A report released today by the Meals on Wheels Association of America Foundation projects that the raw number of elderly Americans suffering from food insecurity will grow 75% by 2025.
According to U.S. Census statistics, there are currently more than 185,000 food-insecure Texans 65 years and older. Using this report's projections, the state is likely to face nearly 324,000 food insecure elderly by 2025.
Not surprisingly, the report finds that food insecurity among the elderly results in low vitamin intake and poor health outcomes. It also agrees with findings published last November by the South Texas Food Bank showing the primary causes of hunger to include low income, education levels and assets. "Controlling for other factors," today's report concludes, "seniors without emotional or financial support are substantially more likely to suffer from hunger."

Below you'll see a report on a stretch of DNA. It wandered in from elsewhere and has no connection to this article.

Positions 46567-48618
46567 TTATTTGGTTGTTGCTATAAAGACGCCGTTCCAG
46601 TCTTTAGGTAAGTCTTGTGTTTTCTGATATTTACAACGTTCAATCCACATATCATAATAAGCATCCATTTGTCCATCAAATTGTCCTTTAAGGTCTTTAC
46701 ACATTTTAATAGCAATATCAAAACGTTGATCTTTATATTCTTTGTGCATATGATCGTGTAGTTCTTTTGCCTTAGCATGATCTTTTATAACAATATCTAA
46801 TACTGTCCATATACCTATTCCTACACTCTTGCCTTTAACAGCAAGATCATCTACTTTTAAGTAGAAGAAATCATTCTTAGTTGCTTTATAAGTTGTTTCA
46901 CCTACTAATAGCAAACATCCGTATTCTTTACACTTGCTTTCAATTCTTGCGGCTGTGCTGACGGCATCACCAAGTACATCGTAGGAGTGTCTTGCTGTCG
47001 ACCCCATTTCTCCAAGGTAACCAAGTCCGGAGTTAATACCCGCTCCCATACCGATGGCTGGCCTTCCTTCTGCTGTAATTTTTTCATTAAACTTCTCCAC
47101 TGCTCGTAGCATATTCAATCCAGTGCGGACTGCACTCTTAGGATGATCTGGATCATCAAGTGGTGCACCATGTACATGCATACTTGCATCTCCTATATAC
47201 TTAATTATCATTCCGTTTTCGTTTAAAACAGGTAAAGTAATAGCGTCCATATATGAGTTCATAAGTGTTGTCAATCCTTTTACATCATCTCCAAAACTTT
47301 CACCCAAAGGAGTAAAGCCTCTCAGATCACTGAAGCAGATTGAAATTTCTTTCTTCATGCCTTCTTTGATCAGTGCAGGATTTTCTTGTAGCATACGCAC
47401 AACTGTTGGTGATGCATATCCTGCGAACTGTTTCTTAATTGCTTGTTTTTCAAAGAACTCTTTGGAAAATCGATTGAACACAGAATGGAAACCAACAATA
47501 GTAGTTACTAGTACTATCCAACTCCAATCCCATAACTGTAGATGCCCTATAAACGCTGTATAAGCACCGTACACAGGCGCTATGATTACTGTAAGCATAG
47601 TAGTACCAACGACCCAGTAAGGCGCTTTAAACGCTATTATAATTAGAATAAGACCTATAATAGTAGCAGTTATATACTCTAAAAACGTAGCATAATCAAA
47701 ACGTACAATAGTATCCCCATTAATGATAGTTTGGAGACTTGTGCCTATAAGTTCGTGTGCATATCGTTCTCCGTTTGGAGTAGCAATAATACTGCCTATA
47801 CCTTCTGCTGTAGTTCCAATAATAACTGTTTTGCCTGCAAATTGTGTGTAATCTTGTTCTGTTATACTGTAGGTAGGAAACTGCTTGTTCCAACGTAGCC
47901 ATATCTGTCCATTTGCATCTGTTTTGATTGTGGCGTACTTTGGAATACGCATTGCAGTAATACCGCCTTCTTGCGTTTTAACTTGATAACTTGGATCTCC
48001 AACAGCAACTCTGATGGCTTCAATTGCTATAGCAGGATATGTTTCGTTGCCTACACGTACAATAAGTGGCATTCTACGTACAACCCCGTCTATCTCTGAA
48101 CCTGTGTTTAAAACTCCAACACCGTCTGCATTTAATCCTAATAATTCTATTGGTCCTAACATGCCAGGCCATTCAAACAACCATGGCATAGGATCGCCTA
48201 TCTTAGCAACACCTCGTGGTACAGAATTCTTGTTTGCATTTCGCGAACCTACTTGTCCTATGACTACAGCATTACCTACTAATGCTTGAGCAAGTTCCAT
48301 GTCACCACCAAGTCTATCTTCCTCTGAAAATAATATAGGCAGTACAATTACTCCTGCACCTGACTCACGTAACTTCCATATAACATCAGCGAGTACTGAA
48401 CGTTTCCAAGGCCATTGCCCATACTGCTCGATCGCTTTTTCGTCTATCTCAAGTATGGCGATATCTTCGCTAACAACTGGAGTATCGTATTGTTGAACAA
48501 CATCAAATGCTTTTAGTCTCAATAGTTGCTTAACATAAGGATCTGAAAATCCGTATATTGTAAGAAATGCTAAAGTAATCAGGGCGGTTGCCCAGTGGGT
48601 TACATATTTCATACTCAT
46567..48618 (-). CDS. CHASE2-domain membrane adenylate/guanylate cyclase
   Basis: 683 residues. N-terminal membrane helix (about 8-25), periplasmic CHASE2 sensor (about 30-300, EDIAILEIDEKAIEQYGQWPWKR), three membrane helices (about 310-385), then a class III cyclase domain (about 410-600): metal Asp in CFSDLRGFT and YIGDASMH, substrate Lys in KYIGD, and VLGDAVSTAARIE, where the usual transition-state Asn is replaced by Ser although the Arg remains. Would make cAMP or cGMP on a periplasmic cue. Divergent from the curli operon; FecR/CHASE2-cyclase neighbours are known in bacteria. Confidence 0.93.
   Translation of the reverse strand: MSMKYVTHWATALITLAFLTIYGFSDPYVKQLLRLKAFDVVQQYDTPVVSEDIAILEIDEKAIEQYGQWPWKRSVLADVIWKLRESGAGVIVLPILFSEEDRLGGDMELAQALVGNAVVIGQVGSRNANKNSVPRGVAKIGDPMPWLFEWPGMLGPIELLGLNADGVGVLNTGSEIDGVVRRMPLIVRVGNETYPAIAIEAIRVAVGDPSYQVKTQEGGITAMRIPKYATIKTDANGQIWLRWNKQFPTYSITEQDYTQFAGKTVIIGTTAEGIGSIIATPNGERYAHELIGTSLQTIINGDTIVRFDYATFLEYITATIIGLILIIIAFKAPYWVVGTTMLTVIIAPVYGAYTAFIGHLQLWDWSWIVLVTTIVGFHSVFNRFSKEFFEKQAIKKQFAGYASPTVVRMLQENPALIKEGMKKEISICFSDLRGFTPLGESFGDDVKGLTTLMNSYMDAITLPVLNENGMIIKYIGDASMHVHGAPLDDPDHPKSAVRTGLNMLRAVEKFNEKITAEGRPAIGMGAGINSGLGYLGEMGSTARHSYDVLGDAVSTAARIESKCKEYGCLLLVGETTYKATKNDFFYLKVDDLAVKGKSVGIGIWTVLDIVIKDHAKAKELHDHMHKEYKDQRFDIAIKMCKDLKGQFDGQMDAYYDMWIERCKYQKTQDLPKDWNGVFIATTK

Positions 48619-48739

In Tyler, the East Texas Food Bank is partnering with Meals on Wheels to serve the growing number of seniors there who have been hurt by rising food and fuel prices. According to KETK News, the program now has its first waiting list in 35 years, and has discovered recipients rationing food to get through the weekend.